May 10, 2005

Capstone Broadens J2SE Core Curriculum

With the release today of Course 106, "Advanced Java Progamming,", Capstone Courseware completes its initiative to open its J2SE Core curriculum to a broader range of student backgrounds, and to provide a more complete training experience in intermediate and advanced Java development techniques.

The range of possible backgrounds for someone pursuing Java development skills is enormous: from scripting and 4GL developers to old hands at Ada and C++; Visual Basic programmers, PL/1 developers, COBOL, C, Perl, and so on. No finite set of courses can precisely match every need! but Capstones's core J2SE curriculum now offers discrete entry points to welcome everyone with at least some programming experience into the world of Java software development.

  • For experienced programmers of C, C++ and other Java-like languages, Course 103, "Java Programming," provides thorough training in Java, including structured and object-oriented concepts and techniques, and including key features of the Core API such as collections and streams.
  • For those less experienced programmers, or for people with experience in languages that are not much like Java -- COBOL, PL/SQL, scripting languages -- we provide a combination of courses: Course 102, "Introduction to Java," provides a more gradual introduction to Java, and in combination with Course 104, "Intermediate Java Programming," assures that students learn the same complete set of skills and APIs as those who've taken Course 103.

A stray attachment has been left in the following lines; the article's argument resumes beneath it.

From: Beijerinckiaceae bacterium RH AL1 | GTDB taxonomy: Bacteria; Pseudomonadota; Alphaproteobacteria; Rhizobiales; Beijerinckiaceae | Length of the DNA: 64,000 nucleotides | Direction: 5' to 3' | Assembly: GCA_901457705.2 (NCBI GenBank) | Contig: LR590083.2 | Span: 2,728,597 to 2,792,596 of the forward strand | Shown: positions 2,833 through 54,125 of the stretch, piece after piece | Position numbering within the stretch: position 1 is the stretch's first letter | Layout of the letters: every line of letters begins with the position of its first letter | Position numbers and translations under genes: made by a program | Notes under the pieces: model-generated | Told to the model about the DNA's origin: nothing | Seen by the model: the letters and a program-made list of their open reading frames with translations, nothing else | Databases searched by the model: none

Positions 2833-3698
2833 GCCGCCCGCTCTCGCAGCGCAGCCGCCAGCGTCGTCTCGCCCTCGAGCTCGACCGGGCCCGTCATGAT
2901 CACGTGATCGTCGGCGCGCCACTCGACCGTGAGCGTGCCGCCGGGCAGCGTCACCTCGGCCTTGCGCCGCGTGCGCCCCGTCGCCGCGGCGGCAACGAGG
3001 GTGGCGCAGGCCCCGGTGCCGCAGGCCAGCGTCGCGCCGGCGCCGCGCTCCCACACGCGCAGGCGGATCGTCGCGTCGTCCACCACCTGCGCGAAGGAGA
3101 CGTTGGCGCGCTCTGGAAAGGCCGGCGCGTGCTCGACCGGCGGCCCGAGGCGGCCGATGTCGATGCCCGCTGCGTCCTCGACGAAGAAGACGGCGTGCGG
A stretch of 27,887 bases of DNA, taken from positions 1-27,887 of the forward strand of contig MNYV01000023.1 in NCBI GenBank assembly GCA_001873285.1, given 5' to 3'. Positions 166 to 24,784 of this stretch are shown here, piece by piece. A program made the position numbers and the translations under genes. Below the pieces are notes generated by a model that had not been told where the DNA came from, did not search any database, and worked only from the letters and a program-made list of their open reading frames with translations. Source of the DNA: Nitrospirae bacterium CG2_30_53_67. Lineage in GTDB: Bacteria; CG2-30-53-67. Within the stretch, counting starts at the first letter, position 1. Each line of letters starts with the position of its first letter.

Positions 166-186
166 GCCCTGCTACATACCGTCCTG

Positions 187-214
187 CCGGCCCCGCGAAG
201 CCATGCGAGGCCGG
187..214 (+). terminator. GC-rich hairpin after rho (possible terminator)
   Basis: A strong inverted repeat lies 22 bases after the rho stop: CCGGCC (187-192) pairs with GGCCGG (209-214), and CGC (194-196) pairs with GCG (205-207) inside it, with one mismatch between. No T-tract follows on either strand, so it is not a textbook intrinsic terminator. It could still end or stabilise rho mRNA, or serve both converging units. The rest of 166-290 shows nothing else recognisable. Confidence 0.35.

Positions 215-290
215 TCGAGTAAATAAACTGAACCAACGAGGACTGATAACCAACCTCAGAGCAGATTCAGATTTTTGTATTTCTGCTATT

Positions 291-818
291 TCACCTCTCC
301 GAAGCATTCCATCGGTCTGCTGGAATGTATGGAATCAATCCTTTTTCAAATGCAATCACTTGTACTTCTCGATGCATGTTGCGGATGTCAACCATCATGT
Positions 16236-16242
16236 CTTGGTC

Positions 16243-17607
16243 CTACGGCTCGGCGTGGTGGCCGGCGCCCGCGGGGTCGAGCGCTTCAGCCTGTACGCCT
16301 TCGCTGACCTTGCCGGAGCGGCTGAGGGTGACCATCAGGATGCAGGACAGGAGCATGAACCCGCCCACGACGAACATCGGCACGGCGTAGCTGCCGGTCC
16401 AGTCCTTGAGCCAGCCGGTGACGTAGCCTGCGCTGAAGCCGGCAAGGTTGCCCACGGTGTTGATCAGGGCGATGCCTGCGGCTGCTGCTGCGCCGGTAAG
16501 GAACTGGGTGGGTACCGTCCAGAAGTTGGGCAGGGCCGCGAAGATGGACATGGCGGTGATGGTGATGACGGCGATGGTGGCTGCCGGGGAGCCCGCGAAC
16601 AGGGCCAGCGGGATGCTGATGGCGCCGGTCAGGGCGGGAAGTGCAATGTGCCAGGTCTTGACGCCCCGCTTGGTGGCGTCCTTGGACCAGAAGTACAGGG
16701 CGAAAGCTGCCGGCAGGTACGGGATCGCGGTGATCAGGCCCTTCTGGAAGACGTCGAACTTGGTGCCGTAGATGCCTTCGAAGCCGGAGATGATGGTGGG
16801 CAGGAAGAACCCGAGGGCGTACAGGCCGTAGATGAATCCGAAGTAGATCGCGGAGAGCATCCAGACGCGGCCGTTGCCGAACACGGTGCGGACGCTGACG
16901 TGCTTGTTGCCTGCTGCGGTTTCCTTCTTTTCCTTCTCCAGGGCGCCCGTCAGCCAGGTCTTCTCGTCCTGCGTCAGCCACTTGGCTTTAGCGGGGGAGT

J2SE Curriculum

At the other end of the process, the new advanced Java course takes all students much further into the J2SE platform, providing training in threading, object serialization, GUI development, RMI, and database programming with JDBC. Students are now ready to pursue Java technology elsewhere in or outside of the standard platform: J2EE, XML, Web Services, and more. See the Java Curriculum Guide for full details and links to all course outlines.

Bob Oberg, CEO of Object Innovations and author of Course 102, has put a priority on making Java as accessible as possible for a wide range of starting points. Said Dr. Oberg, "In a period when computer science enrollments in colleges have declined sharply, it is all the more important that industrial courseware meet the needs of people seeking to build and enhance career skills in computer programming."

All courses are available now and support the J2SE 1.4.2 SDK. Watch for revisions of all of these courses that support Java 5.0 -- Course 103 is already there, and the rest are coming soon.